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International Clinical Trials Day: 20 May

International Clinical Trials Day is celebrated around the world on or near the 20 May each year, to commemorate the day that James Lind started his famous trial on the deadly disease scurvy. It provides a focal point to raise awareness of the importance of research to health care, and highlights how partnerships between patients and healthcare practitioners are vital to high-quality, relevant research.

Professor Dame Sally Davies, Chief Medical Officer and Chief Scientific Adviser at the Department of Health said: “Clinical Trials are a vital element of the work supported and funded by the National Institute for Health Research (NIHR). Our role is to develop the research evidence to support decision making by professionals, policy makers and patients, make this evidence available, and make it available through publication to encourage its uptake and use.”

The NIHR funds a wide range of programmes and infrastructure initiatives to support this aim.

NIHR Infrastructure provides the support and facilities the NHS need for first-class research that results in high-quality care for patients and the public. Our entire infrastructure supports collaborations with industry. Key facilities include the Clinical Research Network, part of the NIHR which helps to provide the infrastructure that allows high-quality clinical research to take place in the NHS. The network helps researchers to:

  • set up clinical studies quickly and effectively, 
  • support the life-sciences industry to deliver their research programmes, 
  • provide health professionals with research training; and 
  • work with patients to ensure their needs are at the very centre of all research activity.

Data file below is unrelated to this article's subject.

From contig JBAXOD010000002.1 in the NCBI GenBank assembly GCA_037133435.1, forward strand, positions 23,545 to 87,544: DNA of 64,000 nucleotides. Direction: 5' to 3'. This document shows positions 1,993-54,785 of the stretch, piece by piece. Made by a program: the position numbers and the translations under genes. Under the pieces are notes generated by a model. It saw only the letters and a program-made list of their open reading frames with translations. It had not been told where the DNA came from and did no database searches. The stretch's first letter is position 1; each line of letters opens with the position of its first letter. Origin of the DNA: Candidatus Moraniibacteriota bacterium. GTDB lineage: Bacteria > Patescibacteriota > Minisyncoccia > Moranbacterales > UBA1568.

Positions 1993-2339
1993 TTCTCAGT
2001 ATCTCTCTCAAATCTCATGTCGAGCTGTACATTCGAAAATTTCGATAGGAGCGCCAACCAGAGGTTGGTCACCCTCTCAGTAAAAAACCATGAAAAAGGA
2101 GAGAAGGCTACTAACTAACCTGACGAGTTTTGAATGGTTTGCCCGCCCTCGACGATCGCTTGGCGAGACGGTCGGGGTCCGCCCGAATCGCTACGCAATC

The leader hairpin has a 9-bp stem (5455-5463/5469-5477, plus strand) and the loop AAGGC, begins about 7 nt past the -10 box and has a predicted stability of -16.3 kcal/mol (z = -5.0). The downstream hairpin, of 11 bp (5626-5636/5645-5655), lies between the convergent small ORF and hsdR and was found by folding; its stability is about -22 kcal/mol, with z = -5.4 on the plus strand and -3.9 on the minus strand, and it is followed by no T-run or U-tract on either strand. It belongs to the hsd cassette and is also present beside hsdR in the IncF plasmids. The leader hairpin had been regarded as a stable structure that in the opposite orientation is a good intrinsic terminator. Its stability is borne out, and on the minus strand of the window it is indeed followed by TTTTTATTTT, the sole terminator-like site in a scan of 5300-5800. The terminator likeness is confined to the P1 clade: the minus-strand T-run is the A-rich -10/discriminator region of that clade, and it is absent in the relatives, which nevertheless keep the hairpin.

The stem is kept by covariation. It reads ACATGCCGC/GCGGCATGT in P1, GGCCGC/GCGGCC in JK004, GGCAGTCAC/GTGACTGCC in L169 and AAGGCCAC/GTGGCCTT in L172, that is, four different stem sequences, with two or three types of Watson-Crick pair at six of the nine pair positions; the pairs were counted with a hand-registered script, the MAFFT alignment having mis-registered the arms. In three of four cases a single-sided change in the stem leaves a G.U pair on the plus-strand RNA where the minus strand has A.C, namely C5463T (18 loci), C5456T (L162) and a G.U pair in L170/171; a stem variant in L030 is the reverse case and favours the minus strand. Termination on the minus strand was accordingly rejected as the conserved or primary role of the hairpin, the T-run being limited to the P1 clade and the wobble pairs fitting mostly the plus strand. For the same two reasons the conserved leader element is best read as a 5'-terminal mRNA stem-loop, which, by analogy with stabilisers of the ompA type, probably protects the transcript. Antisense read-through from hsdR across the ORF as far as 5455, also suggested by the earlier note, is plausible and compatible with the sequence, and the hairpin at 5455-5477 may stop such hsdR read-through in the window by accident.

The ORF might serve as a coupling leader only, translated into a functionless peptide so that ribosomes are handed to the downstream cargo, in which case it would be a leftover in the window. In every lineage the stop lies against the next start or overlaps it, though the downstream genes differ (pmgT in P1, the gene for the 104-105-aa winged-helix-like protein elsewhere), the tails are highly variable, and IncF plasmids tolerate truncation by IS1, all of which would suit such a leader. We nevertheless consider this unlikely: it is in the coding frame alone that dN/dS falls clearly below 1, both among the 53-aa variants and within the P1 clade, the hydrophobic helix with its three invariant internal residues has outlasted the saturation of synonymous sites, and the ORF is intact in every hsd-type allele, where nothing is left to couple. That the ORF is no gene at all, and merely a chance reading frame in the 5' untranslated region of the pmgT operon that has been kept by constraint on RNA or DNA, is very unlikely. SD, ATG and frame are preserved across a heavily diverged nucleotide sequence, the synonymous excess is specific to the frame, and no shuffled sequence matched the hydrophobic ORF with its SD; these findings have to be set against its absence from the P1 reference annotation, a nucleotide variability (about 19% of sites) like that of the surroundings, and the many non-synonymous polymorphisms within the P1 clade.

In addition, the Clinical Research Network helps patients, carers and the public get involved in all stages of the research process, either as participants voluntarily taking part in clinical or other research studies or by getting actively involved in the different stages of research and related activities. The network has a range of support information on its Patient and Public Information pages.  

NIHR Clinical Trials Unit Support Funding was introduced to strengthen capacity for designing and conducting clinical trials and other evaluation studies. It does this by providing funding to offer additional stability and flexibility, and giving units increased capacity to support applications and projects to NIHR research programmes.

The NIHR Trainees Coordinating Centre (TCC) makes training awards to researchers whose work focuses on people and patient-based applied health research. These include newly announced NIHR Clinical Trials Fellowships  designed to support existing NIHR Trainees. The trainees have an interest in, and experience of, working with clinical trials as part of their current training and would benefit from further CTU based training.

Research is commissioned and funded through a range of NIHR programmes. Our main priority is to make sure that funding for research is focused where it is needed. In addition, it is to provide quality outputs and value for money through a transparent and accountable system. Most of these programmes are coordinated and managed by two centres: the NIHR Central Commissioning Facility (CCF) and the NIHR Evaluation, Trials and Studies Coordinating Centre (NETSCC).

The NIHR Health Technology Assessment (HTA) programme produces independent research information about the effectiveness, costs and broader impact of healthcare treatments and tests for those who plan, provide or receive care in the NHS. These cover a broad range of topics which include:

The Efficacy and Mechanism Evaluation (EME) programme is broadly aimed at supporting 'science driven' studies with an expectation of substantial health gain, and aims to support excellent clinical science with an ultimate view to improving health or patient care. Its remit includes clinical trials and evaluative studies, in patients. It evaluates clinical efficacy of interventions (where proof of concept in humans has already been achieved) which may add significantly to our understanding of biological or behavioural mechanisms, and processes. Funded trials cover a range of innovative topics including: